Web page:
Hopefully, your company will never encounter a situation in which board member data is the subject of a discovery demand. Advance planning and preparation will help minimize burdens, business disruption and potential privacy concerns in the event board member data is in the crosshairs. Implement steps designed to facilitate good business practices and information governance, and to enhance readiness and the ability to defensibly respond to requests for board information if they arise.

Considerations include:

  • Implement information governance policies. Define types of board-related information subject to corporate information governance policies and review relevant policies to confirm requirements applicable to the board (including records retention, email, bring your own device (BYOD), company-issued mobile devices, preservation and legal hold, social media). Consider streamlining information governance requirements for the board by developing a specific board-level information governance policy. Benefits include aggregating various corporate information governance policies in a manner that is tailored to address applicable expectations and requirements. 
  • Address BYOD concerns specifically. If board members may use personal devices in connection with their board service and a specific board-level information governance policy that addresses BYOD isn’t in place, consider user guidelines and device registration requirements. As part of any BYOD policy, communicate privacy considerations and inform board members that using their personal devices or computers for board service purposes could put their personal information at risk. Describe what may happen to personal information, including remote wipe or auto-lock.
  • Discuss commingled information. Board members should understand that if they save or download board information to personal devices or systems or commingle Board email communications with personal or other business email accounts, such information or communications may come under scrutiny and be discoverable. Communicate privacy implications, and potential for exposure or loss of personal information in the event that imaging or remote wiping becomes necessary.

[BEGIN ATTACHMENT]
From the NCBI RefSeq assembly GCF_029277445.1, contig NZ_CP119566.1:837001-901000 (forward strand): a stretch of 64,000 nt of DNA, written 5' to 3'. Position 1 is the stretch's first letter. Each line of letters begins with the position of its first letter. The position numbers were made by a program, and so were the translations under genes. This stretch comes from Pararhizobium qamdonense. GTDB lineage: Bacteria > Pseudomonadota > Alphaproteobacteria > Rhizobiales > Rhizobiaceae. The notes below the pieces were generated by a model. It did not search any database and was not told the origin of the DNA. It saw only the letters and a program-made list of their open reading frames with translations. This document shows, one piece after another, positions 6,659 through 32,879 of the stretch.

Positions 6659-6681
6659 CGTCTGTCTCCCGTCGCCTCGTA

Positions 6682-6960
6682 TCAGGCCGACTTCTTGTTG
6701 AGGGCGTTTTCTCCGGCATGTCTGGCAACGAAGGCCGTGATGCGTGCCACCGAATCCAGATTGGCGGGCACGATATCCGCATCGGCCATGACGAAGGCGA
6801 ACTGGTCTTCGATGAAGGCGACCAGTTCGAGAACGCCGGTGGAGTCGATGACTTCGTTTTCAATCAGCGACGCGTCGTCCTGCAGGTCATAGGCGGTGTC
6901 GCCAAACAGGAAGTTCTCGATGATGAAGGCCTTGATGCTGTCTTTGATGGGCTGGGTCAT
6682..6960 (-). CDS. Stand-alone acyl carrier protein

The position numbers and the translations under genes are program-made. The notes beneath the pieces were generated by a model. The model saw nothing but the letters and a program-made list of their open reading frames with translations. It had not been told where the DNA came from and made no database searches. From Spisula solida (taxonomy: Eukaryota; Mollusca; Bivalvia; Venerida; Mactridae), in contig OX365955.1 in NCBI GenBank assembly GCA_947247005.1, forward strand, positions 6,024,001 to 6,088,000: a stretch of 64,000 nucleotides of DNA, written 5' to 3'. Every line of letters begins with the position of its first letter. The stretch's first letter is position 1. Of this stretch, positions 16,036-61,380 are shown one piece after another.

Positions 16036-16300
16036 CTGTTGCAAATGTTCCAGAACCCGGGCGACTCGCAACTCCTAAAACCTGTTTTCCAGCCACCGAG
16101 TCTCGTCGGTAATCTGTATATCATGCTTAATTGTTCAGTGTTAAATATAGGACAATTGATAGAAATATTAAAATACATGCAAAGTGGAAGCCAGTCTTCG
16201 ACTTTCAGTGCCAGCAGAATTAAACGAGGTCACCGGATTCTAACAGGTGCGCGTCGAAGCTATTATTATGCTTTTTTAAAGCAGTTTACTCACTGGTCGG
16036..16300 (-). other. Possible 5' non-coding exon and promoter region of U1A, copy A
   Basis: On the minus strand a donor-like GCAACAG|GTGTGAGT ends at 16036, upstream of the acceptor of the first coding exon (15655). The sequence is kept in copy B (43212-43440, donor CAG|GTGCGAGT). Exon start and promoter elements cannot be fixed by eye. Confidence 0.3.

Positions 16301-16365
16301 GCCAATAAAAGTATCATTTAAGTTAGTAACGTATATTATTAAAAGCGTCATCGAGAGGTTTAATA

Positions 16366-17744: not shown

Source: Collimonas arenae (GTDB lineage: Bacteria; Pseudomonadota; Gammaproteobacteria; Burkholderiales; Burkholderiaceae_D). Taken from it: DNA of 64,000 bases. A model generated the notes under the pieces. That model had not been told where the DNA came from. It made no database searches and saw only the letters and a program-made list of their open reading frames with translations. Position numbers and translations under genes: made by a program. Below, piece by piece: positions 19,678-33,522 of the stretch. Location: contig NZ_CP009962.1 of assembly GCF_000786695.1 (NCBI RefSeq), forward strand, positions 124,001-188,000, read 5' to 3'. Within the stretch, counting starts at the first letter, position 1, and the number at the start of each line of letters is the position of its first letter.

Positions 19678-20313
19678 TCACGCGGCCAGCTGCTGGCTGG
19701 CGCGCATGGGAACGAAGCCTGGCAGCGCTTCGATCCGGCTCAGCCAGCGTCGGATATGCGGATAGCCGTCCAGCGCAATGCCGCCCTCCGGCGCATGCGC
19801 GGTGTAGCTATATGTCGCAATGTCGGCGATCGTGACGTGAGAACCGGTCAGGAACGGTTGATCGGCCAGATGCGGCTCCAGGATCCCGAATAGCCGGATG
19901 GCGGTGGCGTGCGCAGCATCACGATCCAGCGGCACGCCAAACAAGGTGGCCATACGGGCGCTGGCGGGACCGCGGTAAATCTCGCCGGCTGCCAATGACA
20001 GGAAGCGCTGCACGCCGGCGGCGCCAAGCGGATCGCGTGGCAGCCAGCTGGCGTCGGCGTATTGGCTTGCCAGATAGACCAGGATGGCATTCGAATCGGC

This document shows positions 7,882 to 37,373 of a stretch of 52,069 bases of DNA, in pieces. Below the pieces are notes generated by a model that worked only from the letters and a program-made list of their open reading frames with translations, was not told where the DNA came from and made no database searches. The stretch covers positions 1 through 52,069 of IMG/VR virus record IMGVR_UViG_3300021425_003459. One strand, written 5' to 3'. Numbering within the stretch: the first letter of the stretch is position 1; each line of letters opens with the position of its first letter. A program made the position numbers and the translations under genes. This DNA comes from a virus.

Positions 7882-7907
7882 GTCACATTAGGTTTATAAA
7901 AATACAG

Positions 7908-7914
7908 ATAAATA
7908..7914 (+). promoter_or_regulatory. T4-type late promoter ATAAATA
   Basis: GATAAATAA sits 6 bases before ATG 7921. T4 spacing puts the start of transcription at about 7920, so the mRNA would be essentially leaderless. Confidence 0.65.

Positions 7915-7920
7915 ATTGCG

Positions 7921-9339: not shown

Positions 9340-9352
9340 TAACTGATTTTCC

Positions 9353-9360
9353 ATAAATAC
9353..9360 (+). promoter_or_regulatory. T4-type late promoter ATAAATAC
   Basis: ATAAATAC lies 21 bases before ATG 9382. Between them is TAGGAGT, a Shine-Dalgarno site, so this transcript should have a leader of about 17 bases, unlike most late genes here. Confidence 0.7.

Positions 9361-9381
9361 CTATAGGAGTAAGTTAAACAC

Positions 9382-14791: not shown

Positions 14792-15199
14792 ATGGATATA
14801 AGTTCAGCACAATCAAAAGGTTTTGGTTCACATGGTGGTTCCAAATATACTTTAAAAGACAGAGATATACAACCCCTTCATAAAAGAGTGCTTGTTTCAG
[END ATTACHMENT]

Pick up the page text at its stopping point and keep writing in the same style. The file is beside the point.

• Institute policies for e-books and board portals. If your board uses these, consider encryption and security requirements. Set document retention and storage rules and integrate with litigation hold and document collection requirements. Determine what happens to deleted data and backup media. Identify email functionality, retention and features. In addition, set rules regarding the ability to download and annotate documents, and ensure that litigation holds, preservation and collection processes are designed to address electronically stored information if downloading or annotating documents is permitted.
  • Avoid storing unique information on personal devices or systems. Implement practices to centralize board information, and to design e-board books and board portals (if used) so that there is nothing on an e-board book or device that is not on a centralized server.
  • Communicate, train, acknowledge and improve. Train board members on information governance expectations, risks and requirements; include a written acknowledgement as part of the overall strategy. Conduct periodic assessments to help ensure that information governance practices are keeping pace with governance and business processes, and adjust as necessary.